And let’s not forget about cords and pedals. Keep these neatly to prevent a tangled mess. I’ve found an interesting solution for my cords and pedals that keeps them out of sight but always within reach. I use a storage stool that I’ve reupholstered with vinyl. It looks chic and it’s super practical. It’s the good size to sit on while I’m sewing, so it doubles as a seat. 

i store my cords and pedals on an ottoman

8. Create A System For Scraps

Like me, I’m sure you’ve got a colorful cascade of fabric scraps, but it’s important to declutter with a system that mirrors your sewing preferences and style. Consider how you use these bits and pieces. Are they for patchwork quilts or for adding funky flair to other projects? 

When it comes to sorting through my scraps, I’m pretty meticulous because I just can’t bear to part with them – they’re all so nice! My scrap container filled up before I knew it, and I’ve even started filling a second one. To keep my sewing room from getting cluttered, I moved my scraps out to the garage. You could do the same, or find a spot in the basement if that works better for you.

There’s absolutely no way I’m throwing away my scraps. They’re like little memories of past projects and potential future creations. I’m open to the idea of donating some. There are plenty of people and places that would be thrilled to have them for their own projects.

I’ve made tons of projects from these scraps over the years. It’s amazing what you can create with what might seem like throwaway pieces. Every now and then, I like to sift through my collection and even organize them, usually by size. It makes it easier to pick out what I need for a new project. Plus, it feels good to see all the possibilities laid out in front of me, ready for my next burst of inspiration.

✅ Related tutorial: 17 Fun And Unique Fabric Scrap Projects

17 Fun And Unique Fabric Scrap Projects

Regularly Sort Through Scraps

Unfortunately, decluttering your scraps pile isn’t a one-and-done type of project. If you sew regularly, dive into your scrap collection to sort, reorganize, and eliminate pieces you no longer need every few weeks to keep it in check.

9. Maintain A Decluttered Space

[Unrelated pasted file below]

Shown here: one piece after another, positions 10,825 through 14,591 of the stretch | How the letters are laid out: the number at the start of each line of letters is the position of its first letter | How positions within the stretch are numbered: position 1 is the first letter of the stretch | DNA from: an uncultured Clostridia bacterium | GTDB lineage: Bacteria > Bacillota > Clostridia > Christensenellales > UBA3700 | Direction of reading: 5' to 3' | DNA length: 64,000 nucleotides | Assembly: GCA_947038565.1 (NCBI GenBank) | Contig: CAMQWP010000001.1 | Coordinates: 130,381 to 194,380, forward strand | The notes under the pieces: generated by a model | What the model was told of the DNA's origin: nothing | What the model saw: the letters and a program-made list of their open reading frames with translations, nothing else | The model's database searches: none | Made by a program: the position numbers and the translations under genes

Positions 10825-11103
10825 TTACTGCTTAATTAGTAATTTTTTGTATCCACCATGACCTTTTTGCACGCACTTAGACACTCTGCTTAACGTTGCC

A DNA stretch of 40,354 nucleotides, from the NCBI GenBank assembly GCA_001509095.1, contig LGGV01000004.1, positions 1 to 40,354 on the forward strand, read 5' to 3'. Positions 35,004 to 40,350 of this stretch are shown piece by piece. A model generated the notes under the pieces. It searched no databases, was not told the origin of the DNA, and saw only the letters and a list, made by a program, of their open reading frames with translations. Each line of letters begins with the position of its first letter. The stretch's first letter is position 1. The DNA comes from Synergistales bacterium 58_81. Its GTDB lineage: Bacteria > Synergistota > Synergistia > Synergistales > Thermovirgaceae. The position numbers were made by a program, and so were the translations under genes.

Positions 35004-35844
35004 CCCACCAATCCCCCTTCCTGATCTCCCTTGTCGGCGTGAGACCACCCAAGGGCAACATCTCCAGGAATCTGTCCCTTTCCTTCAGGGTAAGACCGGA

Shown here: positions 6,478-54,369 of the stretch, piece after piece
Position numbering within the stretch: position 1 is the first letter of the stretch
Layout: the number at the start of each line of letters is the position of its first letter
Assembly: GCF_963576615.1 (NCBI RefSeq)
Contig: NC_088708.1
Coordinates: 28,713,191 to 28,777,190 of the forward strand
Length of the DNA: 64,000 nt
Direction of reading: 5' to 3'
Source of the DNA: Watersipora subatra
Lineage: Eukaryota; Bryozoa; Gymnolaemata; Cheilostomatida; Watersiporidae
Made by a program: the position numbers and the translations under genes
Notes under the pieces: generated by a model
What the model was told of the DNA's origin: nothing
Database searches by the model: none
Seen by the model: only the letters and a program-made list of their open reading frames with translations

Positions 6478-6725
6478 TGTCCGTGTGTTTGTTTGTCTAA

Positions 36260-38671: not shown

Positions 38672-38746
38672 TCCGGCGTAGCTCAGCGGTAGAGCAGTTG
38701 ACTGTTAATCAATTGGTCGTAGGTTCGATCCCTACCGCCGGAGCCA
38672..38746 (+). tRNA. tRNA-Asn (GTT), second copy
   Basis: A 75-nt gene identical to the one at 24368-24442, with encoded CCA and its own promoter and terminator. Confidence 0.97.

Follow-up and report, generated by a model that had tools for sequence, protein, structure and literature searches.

It’s one thing to declutter your space, but maintaining it is an ongoing task. Keep your space open and inspiring by committing to a couple of new habits

First, set a regular cleaning schedule, allocating time each week (or month) to tackle clutter before it takes over. In addition, sweep or vacuum the space and wipe down surfaces to ensure they’re dust-free.

And second, put items back in their rightful places immediately after using them. If you add new materials or tools to your sewing space, assign a “home” for them immediately so that you can always find them when you need them.

These simple tasks can save you considerable time and prevent the chaos from creeping back. With a little practice, these tasks will become habits so that you do them automatically and don’t need to think about it. 

10. Personalize Your Space

Personalizing your sewing room is all about making the space truly yours. I started with color. I chose a color scheme that really speaks to me, something that energizes me but also feels cozy. I’m all about pink color, so I went all out and bought some lovely pink KALLAX wall units from IKEA. The walls? I painted them a soothing light pink that just makes the whole room feel warm and inviting. 

pink color scheme in my sewing room

✅ Related tutorial: IKEA Sewing Room Ideas for small spaces

Then, there’s lighting. Good lighting is very important, but it’s also an opportunity to add character. I wanted something unique, so I jazzed up my fan with pink paint and some sparkly mica pieces (from Lowes). A little bit of glue and some creativity, and now it’s not just a fan – it shines light in the most magical way.

lighting in my sewing room

Artwork and decorations are next. Artwork in a sewing room adds so much personality, and for me, it’s all about this clock in the shape of a sewing machine. It’s not just about keeping time; it’s a nod to my passion. You can go wild with whatever you like on your walls – make it personal, make it you.

clock in the shape of a sewing machine in the room

Comfort is key, too. I invested in a really good, supportive chair that makes those long hours at the sewing machine much more enjoyable.

good supportive chair for my back

✅ Related tutorial: Best Sewing Chairs For Comfort In Your Sewing Room

Storage can be personalized as well. I use Drawer Storage Hardware and Craft Cabinets

Akro-Mils 10144, 44 Drawer Plastic Parts Storage Hardware and Craft Cabinet, 20-Inch W x 6.37-Inch D x 15.81-Inch H, Black
44 Drawer Plastic Storage

my personalized storage organizer
my personalized storage organizer